Characteristics of a well-planned experiment   •    The treatments, design, management, and data collected should be consistent with the objectives. •    The experiment should be planned and conducted so that there will be a high probability of measuring differences between treatments with an acceptable degree of precision.  •    The experiment must be planned and executed to ensure that treatment effects are estimated in an unbiased way.

41 - 56 (16 Pages)
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11 General Information about the Experiment

Introduction Project title: Objective (S):

57 - 58 (2 Pages)
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12 Maize Pathological Experiments

Plant diseases are of paramount importance to humans because they damage plants and plant products on which humans depends for food, clothing, furniture, the environment and in many cases the housing. The kinds and amounts of losses caused by plant diseases vary with the plant or plant products, the pathogen, the locality, the environment, the control measures practiced and combination of these factors (Agrios, 2005). Disease is one of the major biotic constraints to reduce crop yield and also deteriorate the quality of product that ultimately reduce the market price.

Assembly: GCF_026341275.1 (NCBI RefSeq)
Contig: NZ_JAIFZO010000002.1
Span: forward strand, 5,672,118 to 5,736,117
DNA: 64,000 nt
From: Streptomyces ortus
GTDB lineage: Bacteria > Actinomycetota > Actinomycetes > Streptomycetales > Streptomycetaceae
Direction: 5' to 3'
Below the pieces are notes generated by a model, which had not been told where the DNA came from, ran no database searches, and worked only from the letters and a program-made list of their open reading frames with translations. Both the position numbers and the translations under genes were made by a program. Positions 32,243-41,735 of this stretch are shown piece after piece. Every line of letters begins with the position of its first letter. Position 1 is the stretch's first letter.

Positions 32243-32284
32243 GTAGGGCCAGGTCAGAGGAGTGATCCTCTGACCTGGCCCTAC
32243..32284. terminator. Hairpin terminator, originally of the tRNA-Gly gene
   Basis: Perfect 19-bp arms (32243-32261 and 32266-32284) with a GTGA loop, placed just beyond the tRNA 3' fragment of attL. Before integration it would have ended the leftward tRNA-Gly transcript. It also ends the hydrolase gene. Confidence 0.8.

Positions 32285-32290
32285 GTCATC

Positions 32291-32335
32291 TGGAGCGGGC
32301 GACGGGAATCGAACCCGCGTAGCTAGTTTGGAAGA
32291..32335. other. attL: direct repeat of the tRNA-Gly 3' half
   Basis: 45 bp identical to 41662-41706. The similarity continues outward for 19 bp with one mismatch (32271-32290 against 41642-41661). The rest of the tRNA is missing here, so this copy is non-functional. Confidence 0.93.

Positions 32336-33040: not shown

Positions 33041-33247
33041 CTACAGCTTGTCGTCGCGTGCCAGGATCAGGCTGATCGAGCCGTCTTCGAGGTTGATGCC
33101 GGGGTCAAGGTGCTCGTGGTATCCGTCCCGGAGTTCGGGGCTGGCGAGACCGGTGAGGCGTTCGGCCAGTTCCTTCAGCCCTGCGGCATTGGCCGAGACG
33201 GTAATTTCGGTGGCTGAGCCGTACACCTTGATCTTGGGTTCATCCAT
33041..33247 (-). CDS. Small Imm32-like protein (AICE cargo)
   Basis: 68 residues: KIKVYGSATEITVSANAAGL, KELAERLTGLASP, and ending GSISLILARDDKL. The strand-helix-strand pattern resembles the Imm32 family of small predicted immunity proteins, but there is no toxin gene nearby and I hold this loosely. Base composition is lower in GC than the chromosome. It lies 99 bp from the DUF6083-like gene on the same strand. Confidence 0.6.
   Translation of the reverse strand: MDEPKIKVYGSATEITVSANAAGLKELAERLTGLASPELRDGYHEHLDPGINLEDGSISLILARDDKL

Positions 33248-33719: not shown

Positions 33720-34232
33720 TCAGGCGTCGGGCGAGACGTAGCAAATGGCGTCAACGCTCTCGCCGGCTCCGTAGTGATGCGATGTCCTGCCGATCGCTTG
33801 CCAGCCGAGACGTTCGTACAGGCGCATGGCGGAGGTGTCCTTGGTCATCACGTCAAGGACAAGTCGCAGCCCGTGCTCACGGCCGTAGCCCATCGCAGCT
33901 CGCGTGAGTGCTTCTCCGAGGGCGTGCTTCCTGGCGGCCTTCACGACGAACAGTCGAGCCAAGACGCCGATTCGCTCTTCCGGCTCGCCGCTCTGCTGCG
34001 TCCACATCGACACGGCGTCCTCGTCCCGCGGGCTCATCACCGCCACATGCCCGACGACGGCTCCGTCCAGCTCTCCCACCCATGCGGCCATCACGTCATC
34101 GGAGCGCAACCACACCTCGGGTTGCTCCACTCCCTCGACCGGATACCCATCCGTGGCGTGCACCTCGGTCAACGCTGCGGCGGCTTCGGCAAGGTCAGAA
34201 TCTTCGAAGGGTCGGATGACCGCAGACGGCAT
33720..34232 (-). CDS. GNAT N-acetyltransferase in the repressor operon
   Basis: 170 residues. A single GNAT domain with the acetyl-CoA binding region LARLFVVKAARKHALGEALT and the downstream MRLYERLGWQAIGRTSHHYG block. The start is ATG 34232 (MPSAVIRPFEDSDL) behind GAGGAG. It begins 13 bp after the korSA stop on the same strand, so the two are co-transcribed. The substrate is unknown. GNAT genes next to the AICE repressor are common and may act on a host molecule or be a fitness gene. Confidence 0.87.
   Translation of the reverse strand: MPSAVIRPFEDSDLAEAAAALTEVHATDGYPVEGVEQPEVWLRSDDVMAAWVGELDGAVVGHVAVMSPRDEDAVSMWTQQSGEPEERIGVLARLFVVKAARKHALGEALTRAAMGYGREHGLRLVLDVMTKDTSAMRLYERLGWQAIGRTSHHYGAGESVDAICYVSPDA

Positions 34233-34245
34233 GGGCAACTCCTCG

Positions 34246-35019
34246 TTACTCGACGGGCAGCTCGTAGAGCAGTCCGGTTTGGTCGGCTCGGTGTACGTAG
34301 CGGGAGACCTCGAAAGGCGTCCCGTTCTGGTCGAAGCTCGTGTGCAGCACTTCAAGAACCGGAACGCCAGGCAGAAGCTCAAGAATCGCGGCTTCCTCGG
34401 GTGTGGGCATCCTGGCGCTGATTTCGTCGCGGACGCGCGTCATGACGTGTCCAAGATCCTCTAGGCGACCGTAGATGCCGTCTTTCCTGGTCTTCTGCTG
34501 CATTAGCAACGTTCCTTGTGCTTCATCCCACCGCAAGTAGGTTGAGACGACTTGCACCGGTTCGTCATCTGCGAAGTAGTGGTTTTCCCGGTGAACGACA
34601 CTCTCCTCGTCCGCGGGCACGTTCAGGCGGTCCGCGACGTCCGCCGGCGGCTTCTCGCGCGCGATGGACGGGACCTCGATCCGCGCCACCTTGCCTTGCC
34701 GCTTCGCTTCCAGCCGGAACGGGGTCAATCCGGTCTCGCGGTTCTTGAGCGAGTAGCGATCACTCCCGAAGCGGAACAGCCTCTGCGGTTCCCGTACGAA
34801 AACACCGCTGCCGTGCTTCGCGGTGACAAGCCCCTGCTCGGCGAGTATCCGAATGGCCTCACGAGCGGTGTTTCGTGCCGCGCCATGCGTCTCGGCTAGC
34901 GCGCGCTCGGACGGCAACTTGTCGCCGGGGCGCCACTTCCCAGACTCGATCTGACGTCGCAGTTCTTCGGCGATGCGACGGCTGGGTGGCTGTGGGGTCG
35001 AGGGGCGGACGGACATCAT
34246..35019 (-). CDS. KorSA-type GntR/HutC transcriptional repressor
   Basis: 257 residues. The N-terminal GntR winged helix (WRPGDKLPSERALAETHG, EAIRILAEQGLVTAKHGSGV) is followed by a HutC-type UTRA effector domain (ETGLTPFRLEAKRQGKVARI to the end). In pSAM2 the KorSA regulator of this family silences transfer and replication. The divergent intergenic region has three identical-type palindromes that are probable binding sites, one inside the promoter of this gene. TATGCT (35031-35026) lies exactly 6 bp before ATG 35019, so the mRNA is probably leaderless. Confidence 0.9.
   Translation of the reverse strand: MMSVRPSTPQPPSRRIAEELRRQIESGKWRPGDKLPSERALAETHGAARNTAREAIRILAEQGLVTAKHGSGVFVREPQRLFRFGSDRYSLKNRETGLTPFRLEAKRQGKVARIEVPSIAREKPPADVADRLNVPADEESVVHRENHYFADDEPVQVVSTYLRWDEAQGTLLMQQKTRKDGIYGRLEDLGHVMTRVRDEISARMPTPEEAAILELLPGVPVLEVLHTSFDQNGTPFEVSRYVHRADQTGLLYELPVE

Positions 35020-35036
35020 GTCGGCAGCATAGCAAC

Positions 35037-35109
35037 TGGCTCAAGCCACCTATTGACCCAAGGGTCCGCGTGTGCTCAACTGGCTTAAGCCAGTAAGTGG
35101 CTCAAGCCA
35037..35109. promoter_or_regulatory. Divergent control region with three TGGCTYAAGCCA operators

59 - 110 (52 Pages)
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13 Collecting Data from Maize Trials

Biometric observations The phenological stages i.e. germination, tasseling, silking, and physiological maturity were recorded from fixed mid three rows of each plot. A particular stage was supposed to be completed while 90% of the observed plant showed the characteristics of that phase and number of days was counted from date of sowing. Days to emergence (DOE)   When the plant shoot pokes through the soil surface. Count the 75% seedlings emerged from at least 50% of the total rows starting from the centre. If 75% of the total expected seedlings emerged, then can be considered as 75% emergence. How the growth stages of maize are distinguished can be observed from the chart below.

111 - 128 (18 Pages)
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14 Statistical Parameters and their Analysis